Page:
“Derby Street used to be the main street for businesses in Pekin,” he said. “(The city) let it go over the years, and I wish they hadn’t done that. (The BDD would) give us an opportunity to revitalize it and bring it back to life. “

The Tazewell Animal Improvement of Life Society (TAiLS) operates the used bookstore TAiLS of a Bookworm on Court Street, which will be within the proposed BDD. TAiLS vice president Chad Kautz said that BDD funds applied to infrastructure improvements on Court Street and to the Courtside Shopping Center, where TAiLS of a Bookworm is located, would be a welcome development.

“The plaza here is fairly dated and can use some improvements,” he said. “The roads and sidewalks definitely could as well. I think that would be to everyone’s advantage.”

Possible improvements specific to TAiLS of a Bookworm could include updated lighting and new window shields. But the most pressing need, he added, would be new bookshelves and fixtures.

“The store here had been in business for 13 years,” explained. “We just took it over last May. All the fixtures and everything have been here for 13 years or so.”

The city plans several steps to mitigate the impact that Pekin residents and businesses will see through a BDD sales tax increase, according to Rothert. They include reducing property taxes by 10% on the city’s portion, lowering monthly sewer maintenance fees while increasing them to current levels over the next four years, and realizing consumer savings through electric aggregate billing.

“Taken together, those savings would substantially reduce the impact of the BDD sales tax to near break-even in the first year,” he said. “This would allow the city to still benefit from those visiting and shopping in the community. The city could shift more of the burden for infrastructure maintenance and repair to external users of our (community). Lastly, the BDD would serve as a dedicated funding stream for infrastructure improvements and business and economic development.”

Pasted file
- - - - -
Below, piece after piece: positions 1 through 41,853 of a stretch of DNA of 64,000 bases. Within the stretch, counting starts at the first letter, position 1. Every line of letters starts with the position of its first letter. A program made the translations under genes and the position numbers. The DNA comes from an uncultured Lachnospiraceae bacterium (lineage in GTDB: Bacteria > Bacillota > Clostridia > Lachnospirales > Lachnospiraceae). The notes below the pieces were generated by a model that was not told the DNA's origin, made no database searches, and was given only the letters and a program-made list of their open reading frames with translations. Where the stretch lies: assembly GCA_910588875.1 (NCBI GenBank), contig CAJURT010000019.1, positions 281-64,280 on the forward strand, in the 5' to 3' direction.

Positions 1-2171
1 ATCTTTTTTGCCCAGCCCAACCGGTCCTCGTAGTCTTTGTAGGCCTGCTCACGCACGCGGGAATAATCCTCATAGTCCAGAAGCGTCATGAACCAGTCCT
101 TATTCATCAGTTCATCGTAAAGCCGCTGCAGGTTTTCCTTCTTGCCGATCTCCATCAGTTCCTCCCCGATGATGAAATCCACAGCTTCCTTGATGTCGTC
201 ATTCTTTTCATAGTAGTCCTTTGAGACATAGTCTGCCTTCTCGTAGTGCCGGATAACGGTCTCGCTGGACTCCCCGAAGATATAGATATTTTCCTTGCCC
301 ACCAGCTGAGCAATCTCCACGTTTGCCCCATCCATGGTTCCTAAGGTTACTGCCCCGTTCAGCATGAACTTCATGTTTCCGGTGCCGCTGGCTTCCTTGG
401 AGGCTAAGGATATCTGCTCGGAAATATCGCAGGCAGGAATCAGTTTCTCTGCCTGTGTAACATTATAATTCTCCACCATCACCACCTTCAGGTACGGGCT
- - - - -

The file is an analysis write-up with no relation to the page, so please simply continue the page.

The Pekin City Council and city staff have hosted two public forums to discuss the proposed BDD and to hear questions and concerns. One Pekin resident who expressed reservations about the proposal is Shad Newton, who said he is dubious about the city’s general thought process.

“It’s just one more way to tax us,” Newton stated. “We’re in Illinois, where taxes are already atrocious.”

Newton expressed skepticism that the measures Rothert outlined to mitigate Pekin residents’ financial burden of additional sales taxes in the proposed BDD would actually take effect. He also said he is concerned that a disproportionate amount of BDD funds would be channeled into specific businesses, rather than community infrastructure or overall commercial growth.

“I want transparency,” he added. “(The city) doesn’t answer questions about where the money goes. They don’t want to tell you where the money goes or how it’s used, and every time they bring up a new district, it seems like they make promises they don’t keep.”

Tales of a Bookworm volunteer Brenda Adams stocks shelves at the Pekin bookstore Friday, October 30, 2020.